Germany agriculture minister Christian Schmidt was quoted by The Financial Times as saying at a crisis summit in Berlin: "We all agreed that on the one hand we need structural improvements, but on the other that we need to provide short-term assistance to farmers.
"The federal government will provide the farmers with a package of €100m plus X. I am in talks with the finance minister, and will talk to [Germany's] states and Europe to determine how large the X is."
Germany is considered to be EU's biggest milk producer with 73,300 dairy farms producing around 32 million tons of milk in 2014, which was around one-fifth of all the milk produced in the region.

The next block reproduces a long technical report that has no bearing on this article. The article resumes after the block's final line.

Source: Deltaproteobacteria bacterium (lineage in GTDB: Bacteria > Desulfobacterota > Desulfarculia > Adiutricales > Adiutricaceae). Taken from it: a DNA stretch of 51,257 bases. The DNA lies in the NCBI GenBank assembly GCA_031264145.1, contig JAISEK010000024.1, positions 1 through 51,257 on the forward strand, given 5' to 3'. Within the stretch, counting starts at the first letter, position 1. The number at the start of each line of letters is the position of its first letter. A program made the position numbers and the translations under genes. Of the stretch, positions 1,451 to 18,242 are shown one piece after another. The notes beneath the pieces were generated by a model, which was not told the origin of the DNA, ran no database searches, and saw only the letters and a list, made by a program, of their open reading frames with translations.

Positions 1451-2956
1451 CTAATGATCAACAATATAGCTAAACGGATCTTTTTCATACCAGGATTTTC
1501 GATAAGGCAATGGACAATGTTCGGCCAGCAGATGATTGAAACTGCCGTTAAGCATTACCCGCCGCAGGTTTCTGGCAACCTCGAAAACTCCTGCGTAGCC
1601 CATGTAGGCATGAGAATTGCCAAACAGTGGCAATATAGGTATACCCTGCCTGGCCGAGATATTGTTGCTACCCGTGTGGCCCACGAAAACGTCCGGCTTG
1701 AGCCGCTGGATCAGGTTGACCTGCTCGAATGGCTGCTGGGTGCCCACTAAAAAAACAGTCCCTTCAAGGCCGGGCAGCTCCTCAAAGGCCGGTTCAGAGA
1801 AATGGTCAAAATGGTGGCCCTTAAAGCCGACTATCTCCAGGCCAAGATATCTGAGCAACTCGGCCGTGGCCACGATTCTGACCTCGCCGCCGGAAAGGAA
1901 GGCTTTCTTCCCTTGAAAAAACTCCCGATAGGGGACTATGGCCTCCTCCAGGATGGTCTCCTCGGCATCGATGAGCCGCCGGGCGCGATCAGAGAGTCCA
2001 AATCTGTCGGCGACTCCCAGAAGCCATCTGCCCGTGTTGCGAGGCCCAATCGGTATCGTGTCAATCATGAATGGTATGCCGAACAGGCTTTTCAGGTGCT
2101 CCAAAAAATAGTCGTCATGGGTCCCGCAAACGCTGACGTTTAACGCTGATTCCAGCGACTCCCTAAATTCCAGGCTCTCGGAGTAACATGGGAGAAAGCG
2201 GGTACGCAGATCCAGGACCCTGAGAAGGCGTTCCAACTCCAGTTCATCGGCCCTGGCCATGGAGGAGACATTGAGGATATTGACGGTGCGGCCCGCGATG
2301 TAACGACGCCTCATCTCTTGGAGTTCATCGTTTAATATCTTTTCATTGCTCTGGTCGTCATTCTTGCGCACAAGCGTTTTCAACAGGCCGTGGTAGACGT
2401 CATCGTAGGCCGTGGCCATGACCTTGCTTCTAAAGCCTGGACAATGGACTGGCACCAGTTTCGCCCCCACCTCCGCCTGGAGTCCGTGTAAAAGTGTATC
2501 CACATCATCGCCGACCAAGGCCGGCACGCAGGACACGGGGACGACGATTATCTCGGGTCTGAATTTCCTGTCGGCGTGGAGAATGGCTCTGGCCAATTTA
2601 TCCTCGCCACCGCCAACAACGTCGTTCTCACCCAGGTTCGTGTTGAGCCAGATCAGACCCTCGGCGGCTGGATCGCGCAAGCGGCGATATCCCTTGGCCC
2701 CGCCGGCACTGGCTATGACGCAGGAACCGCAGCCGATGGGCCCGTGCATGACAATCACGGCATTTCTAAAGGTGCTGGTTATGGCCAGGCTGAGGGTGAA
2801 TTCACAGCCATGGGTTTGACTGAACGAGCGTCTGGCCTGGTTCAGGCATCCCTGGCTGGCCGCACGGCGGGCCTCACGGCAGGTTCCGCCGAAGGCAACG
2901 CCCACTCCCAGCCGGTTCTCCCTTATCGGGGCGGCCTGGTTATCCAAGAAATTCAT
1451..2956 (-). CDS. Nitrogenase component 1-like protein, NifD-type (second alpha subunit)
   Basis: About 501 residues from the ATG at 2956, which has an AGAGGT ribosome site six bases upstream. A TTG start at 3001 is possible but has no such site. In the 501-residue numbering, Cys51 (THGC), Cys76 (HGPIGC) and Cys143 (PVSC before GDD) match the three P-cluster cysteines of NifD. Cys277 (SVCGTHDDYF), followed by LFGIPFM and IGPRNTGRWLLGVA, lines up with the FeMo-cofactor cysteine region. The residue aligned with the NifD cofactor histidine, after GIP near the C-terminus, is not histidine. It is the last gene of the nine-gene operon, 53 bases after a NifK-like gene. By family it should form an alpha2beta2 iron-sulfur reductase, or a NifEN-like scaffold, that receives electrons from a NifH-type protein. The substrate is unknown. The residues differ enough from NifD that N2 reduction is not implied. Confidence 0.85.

With a sharp decline in milk prices from more than 41 cents per kilo in 2013 to about 24 cents now, the country has suffered badly, according to the agriculture minister.
The European Milk Board's study found that in January the farm-gate price for German milk was 28.66 cents per kilo of milk compared to production cost of 44.94 cents per kilo, the publication cited.
The European Milk Board chairman Romuald Schaber was quoted by the publication as saying: "In the last three years, Europe has produced 13m tonnes more milk than it can consume, and this excess has to be completely sent abroad, because the demand in Europe is stagnating. That is the problem."
Schmidt said that representatives of the industry such as farmers and dairies had agreed to begin discussions on measures to revive the dairy industry including short-term cuts in ouput, the publication stated.
Schmidt said: "Farmers and dairies have to match supply and demand better than they have until now. We have to achieve an up-to-date and flexible way of controlling of supply."